Link to the University of Pittsburgh Homepage
Link to the University Library System Homepage Link to the Contact Us Form

Evaluating the effect of carve-in or carve-out insurance designs on adherence to oral anticoagulation in patients with atrial fibrillation: a comparison of Medicare Advantage versus Medicare Fee-for-Service insurance plans

Newman, Terri (2020) Evaluating the effect of carve-in or carve-out insurance designs on adherence to oral anticoagulation in patients with atrial fibrillation: a comparison of Medicare Advantage versus Medicare Fee-for-Service insurance plans. Master's Thesis, University of Pittsburgh. (Unpublished)

[img] PDF
Submitted Version
Restricted to University of Pittsburgh users only until June 2022.

Download (885kB) | Request a Copy

Abstract

Atrial Fibrillation (AF) is a highly prevalent cardiac arrhythmia that affects nearly 6 million adults in the United States. AF is a potent risk factor for stroke and this risk increases with age. Given the aging population in the US, AF-related stroke represents a significant public health burden. Treatment with oral anticoagulation (OAC) is recommended for stroke prevention and is an important public health intervention to reduce stroke occurrences. Despite this benefit, 50% of high-risk AF patients do not receive OAC.

The literature shows that health insurance can affect initiation and adherence to OAC in AF patients, however there is limited information assessing to what extent different Medicare Part D insurance designs can affect adherence to OAC. Jung and colleagues suggest that insurance designs that carve-in pharmacy benefits with medical benefits such as Medicare Advantage Prescription Drug Plan (MA-PD) can improve medication adherence compared to plans that carve-out pharmacy benefits such as Stand-Alone Prescription Drug Plans (PDP). Insurers that provide carve-in benefits may be incentivized to improve adherence to OAC in order to offset medical costs that could be incurred through the development of a stroke.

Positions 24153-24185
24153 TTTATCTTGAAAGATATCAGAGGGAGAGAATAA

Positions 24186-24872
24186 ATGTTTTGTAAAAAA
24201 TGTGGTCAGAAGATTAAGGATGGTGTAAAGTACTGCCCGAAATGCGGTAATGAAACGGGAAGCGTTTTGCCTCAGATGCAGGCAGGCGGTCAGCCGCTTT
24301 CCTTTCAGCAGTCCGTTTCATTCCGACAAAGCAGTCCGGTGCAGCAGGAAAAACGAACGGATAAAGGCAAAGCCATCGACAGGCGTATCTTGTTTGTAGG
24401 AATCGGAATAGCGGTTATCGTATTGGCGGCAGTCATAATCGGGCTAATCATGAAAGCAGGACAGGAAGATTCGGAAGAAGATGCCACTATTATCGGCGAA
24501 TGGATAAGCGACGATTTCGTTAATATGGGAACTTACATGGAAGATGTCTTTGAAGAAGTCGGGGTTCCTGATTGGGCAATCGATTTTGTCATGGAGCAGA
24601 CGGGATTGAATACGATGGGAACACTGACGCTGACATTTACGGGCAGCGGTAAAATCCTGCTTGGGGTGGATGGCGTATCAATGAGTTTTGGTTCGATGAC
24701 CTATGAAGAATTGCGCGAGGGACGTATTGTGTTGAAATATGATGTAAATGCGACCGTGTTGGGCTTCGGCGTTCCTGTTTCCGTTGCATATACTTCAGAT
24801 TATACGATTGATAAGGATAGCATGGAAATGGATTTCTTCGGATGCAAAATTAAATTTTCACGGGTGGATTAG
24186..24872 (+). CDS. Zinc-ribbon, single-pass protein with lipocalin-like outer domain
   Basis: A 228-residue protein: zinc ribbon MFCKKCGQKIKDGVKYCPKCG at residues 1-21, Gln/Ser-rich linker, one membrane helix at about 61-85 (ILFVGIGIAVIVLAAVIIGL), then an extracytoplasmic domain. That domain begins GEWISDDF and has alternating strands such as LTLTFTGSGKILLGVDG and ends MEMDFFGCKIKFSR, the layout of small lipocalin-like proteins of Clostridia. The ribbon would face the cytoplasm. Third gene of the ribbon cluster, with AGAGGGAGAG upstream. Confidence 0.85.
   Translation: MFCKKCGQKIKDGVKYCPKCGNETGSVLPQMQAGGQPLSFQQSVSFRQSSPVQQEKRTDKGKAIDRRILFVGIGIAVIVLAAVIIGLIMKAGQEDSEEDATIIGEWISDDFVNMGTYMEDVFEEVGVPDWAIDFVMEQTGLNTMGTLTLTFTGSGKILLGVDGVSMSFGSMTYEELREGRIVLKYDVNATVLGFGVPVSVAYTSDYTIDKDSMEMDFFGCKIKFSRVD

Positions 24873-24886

In this study, we conducted multivariate logistic regressions among propensity-score matched samples to evaluate the effect of enrollment in PDP vs. MA-PD on adherence to OAC and OAC use. We used 2014-2016 Medicare Claims Data from Centers of Medicare and Medicaid Services (PDP) and UPMC Health Plan data (MA-PD). We found that enrollment in a PDP was associated with significantly lower odds of adherence (OR 0.68, 95% CI 0.60-0.76) and OAC use (OR 0.59, 95% CI 0.50-0.69) compared to MA-PD. Our results suggest that insurance plans that carve-in pharmacy benefits can improve adherence to OAC and ultimately prevent downstream stroke events.

Public health significance: Identifying factors to improve OAC use and adherence in AF patients can improve population health by preventing downstream stroke events and costly hospitalizations. Policymakers should consider the benefits of carve-in insurance designs in order to improve OAC adherence in the AF population.


Share

Citation/Export:
Social Networking:
Share |

Details

Item Type: University of Pittsburgh ETD
Status: Unpublished
Creators/Authors:
CreatorsEmailPitt UsernameORCID
Newman, Territvn6@pitt.edutvn6
ETD Committee:
TitleMemberEmail AddressPitt UsernameORCID
Committee ChairDrake, Colemancdrake@pitt.edu
Committee MemberHernandez, Inmaculadainh3@pitt.edu
Committee MemberEl Khoudary, Samarelkhoudarys@edc.pitt.edu
Committee MemberGood, Berniegoodcb2@upmc.edu
Date: 30 July 2020
Date Type: Publication
Defense Date: 8 June 2020
Approval Date: 30 July 2020
Submission Date: 3 June 2020
Access Restriction: 2 year -- Restrict access to University of Pittsburgh for a period of 2 years.
Number of Pages: 50
Institution: University of Pittsburgh
Schools and Programs: Graduate School of Public Health > Health Policy & Management
Degree: MS - Master of Science
Thesis Type: Master's Thesis
Refereed: Yes
Uncontrolled Keywords: atrial fibrillation, adherence, anticoagulation, insurance, health services research
Date Deposited: 31 Jul 2020 02:39
Last Modified: 31 Jul 2020 02:39
URI: http://d-scholarship.pitt.edu/id/eprint/39151

Metrics

Monthly Views for the past 3 years

Plum Analytics


Actions (login required)

View Item View Item